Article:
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The week in the streaming wars: Disney battles Netflix and Amazon in multi-front battle

The battle for streaming dominance is getting tougher.

According to a report in The Wall Street Journal, Disney (DIS) has banned Netflix (NFLX) ads across its entertainment TV networks, ahead of the entertainment giant’s launch of its new streaming service.

This comes at a time when tensions in the highly competitive sector are growing, with Disney also facing off with Amazon (AMZN) over a reported dispute over Fire TV ad sales.

However, platforms across the board are shelling out serious cash to fight back, especially when it comes to content creators.

Earlier last week, Netflix announced it will be signing The Duffer Brothers — the brains behind “Stranger Things” — to a massive, multiyear deal, a move it hopes will pay off just like the ‘80s-inspired smash hit of an otherworldly invasion in a small town.

The deal is reportedly worth nine figures, according to “The Hollywood Reporter.”

Netflix has also signed “Grey’s Anatomy’s” Shonda Rhimes to a 5 year, $150 million deal and locked “American Horror Story’s” Ryan Murphy into a 5-year deal worth $300 million.

Graphic by David Foster/Yahoo Finance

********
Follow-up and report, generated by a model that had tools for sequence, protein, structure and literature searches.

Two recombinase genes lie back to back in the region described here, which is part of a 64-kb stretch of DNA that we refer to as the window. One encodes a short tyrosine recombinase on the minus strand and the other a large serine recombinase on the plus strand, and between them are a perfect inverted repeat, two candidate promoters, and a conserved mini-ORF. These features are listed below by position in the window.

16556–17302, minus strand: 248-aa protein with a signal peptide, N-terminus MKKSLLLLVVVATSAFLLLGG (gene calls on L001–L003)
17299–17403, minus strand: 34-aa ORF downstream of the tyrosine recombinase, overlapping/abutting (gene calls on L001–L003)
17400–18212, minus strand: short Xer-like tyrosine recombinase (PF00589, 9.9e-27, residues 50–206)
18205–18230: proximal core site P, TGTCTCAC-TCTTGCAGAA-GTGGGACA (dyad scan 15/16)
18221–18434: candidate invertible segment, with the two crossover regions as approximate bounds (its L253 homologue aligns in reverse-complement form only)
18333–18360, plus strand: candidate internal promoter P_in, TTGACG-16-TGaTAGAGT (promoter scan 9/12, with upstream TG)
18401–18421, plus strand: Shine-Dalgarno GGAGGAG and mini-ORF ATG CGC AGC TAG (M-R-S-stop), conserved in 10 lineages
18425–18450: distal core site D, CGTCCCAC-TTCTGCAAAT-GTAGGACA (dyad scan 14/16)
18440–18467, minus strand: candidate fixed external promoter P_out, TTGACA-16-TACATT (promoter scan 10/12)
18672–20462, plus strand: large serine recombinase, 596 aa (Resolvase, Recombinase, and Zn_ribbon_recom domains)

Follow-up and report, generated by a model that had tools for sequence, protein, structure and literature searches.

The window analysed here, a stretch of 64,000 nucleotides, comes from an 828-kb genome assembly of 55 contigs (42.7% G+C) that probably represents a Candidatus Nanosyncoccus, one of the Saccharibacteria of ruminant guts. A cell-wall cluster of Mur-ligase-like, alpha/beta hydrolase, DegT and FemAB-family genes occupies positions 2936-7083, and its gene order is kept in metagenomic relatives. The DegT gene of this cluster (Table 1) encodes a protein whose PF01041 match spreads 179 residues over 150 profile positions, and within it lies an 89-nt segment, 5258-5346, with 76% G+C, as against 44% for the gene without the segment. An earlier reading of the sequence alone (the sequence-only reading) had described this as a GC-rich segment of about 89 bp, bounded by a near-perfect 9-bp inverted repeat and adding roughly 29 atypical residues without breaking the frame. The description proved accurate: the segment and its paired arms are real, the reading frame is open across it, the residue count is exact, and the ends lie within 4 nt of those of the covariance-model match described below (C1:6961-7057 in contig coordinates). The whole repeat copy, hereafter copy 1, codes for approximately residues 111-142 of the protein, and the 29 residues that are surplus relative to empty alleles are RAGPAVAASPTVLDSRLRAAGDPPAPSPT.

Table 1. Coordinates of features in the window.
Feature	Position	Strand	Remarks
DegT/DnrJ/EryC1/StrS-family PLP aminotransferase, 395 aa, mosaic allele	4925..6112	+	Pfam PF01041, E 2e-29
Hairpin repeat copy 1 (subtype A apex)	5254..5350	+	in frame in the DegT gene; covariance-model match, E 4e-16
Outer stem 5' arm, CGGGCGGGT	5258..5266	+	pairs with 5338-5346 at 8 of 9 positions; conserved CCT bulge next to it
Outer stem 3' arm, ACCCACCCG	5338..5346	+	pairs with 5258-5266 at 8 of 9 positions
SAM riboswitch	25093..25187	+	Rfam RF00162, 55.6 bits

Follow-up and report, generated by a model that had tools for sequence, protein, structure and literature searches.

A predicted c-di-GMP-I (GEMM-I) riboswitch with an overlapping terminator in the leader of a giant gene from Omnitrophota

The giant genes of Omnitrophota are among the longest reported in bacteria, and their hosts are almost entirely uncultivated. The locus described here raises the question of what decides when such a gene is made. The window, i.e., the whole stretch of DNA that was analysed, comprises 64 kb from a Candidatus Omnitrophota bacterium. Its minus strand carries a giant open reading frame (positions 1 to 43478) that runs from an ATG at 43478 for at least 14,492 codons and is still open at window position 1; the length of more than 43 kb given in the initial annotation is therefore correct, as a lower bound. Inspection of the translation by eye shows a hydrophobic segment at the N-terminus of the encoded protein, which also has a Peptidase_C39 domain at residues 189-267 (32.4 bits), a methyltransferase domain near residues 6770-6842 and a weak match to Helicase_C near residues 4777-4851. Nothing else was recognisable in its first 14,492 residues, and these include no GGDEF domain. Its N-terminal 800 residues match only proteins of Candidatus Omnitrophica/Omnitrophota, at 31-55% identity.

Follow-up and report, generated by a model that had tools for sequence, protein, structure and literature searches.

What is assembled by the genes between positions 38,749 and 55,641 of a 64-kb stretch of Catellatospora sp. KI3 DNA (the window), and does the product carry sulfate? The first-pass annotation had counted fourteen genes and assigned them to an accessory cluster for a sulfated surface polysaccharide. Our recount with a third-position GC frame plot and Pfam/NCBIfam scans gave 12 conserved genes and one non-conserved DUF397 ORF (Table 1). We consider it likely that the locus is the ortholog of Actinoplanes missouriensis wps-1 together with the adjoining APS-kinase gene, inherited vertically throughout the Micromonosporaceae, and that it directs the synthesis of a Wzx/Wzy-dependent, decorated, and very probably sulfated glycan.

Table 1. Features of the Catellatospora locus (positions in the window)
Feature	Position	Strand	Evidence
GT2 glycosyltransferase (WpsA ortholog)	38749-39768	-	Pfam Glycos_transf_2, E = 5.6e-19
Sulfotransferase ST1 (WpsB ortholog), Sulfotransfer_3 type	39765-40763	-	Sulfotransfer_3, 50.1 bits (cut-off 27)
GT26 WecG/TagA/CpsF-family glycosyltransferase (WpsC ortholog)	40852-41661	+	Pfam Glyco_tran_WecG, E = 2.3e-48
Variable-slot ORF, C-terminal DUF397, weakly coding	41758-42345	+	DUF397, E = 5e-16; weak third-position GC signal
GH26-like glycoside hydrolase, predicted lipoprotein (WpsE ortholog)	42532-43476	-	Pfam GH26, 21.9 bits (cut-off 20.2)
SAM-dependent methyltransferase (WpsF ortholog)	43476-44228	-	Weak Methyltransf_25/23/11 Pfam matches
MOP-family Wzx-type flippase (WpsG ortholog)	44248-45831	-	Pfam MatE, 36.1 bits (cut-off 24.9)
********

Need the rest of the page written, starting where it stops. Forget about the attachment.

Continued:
Other platforms are relying heavily on original content to lure in new viewers, including Amazon and Apple (AAPL). Meanwhile, NBCUniversal’s (CMCSA) new Peacock service is set to host “Saved by the Bell” and “Battlestar Galactica” revivals.

According to Variety, Amazon sealed the deal with “Fleabag’s” Phoebe Waller-Bridge in an exclusive contract with Amazon Studios worth $20 million per year. The news follows Waller-Bridge’s successful Emmys run, where “Fleabag” captured six statuettes for its second season.

Meanwhile, Apple is hoping A-list pros like Stephen Spielberg and Oprah Winfrey can deliver content to surpass the competition. The company already revealed its plans to spend $6 billion on original programming ahead of its highly anticipated November launch.

And it’s not just content creators cashing in. Media powerhouses are shelling out big bucks to land old favorites, in a bid to compete for viewer nostalgia.

Last month, Netflix snagged the global streaming rights to ‘90s sitcom “Seinfeld” in a reported deal worth over $500 million. The so-called “show about nothing” represented a crucial win for the company after it lost both “Friends” and “The Office” to rival competitors.

Meanwhile, HBO Max (T) landed a reported multi-billion dollar deal for “The Big Bang Theory,” according to sources from “The Hollywood Reporter”


Alexandra Canal is a Producer at Yahoo Finance.

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